MINNEAPOLIS (WCCO) – The above-average snow totals for the winter and spring could spell disaster for some cities in Minnesota at risk for flooding.

On Friday, volunteers in Fargo were already filling sandbags to prepare. The volunteer hub reopened after a new flood outlook showed a possibility of a record flood this year.

They’re hoping to fill 1.8 million bags by Tuesday – enough to protect to a level of 43 feet.

Assessing the amount of flooding across Minnesota is something meteorologists track year-round. The National Weather Service (NWS) and the U.S. Geological Survey are able to monitor water levels in rivers and lakes down to the very centimeter at every hour.

That is good news for this year, as they want to keep an eye particularly on cities in the Red River Valley and down south along the Mississippi River.

But according to NWS meteorologist Chris Franks, today’s technology is so user-friendly that anyone can keep an eye where a river could flood.

“We have some on the Minnesota River, a lot on the Mississippi River. It’s good these are all green right now,” Franks said.

The dozens of gauges in metro lakes and rivers show green, which means there’s no flooding at the moment. But it’s a different story in far western Minnesota.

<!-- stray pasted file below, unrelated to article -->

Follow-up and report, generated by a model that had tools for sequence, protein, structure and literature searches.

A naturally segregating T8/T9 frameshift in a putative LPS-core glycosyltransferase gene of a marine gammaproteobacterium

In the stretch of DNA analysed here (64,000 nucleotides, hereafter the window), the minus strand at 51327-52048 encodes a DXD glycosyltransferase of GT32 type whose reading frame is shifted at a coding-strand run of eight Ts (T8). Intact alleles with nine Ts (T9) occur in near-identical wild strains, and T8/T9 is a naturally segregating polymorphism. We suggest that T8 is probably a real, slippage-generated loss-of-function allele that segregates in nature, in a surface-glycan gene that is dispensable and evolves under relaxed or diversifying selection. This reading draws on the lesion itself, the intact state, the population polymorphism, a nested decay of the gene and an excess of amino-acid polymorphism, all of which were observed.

“They’re in a little bit worse condition up there in terms of a flooding outlook,” he said.

But how meteorologists know what areas are at risk is a tedious process. It starts by measuring rain and snowfall totals to calculate runoff.

“Once it gets into the river then it’s a simple matter of reading our river gauges,” he said. “We have hundreds of river gauges across the country. Even in this region, dozens on the Minnesota River, on the Mississippi, the Red River.”

The gauges read height and flow of the water and transmit that information back to the National Weather Service office in Chanhassen. That’s where the modeling begins.

Meteorologists compile the data collected from the river gauges and code them onto a map that shows the lowest amount of risk for flooding in green, and major flooding in purple.

All together, the year-round process of assessing flooding risks and tracking flooding is a combination of observation, technology and modeling.

“It’s gathering all the reports, quality controlling all those reports and then getting it into our hydrologic models,” he said. “So it’s very involved, it can be time consuming.”

A spokesperson from the Minnesota National Guard says they work directly with the NWS and use the coded models to help them know where they need to start their preps for flooding.

They’ve already pinpointed where they’ll be most needed this season.

The NWS encourages people to call in with their observations of local rivers and lakes, especially smaller boundaries of water where they might not have a gauge in place.

Click here to see up-to-date flood models across the state.

Kate Raddatz


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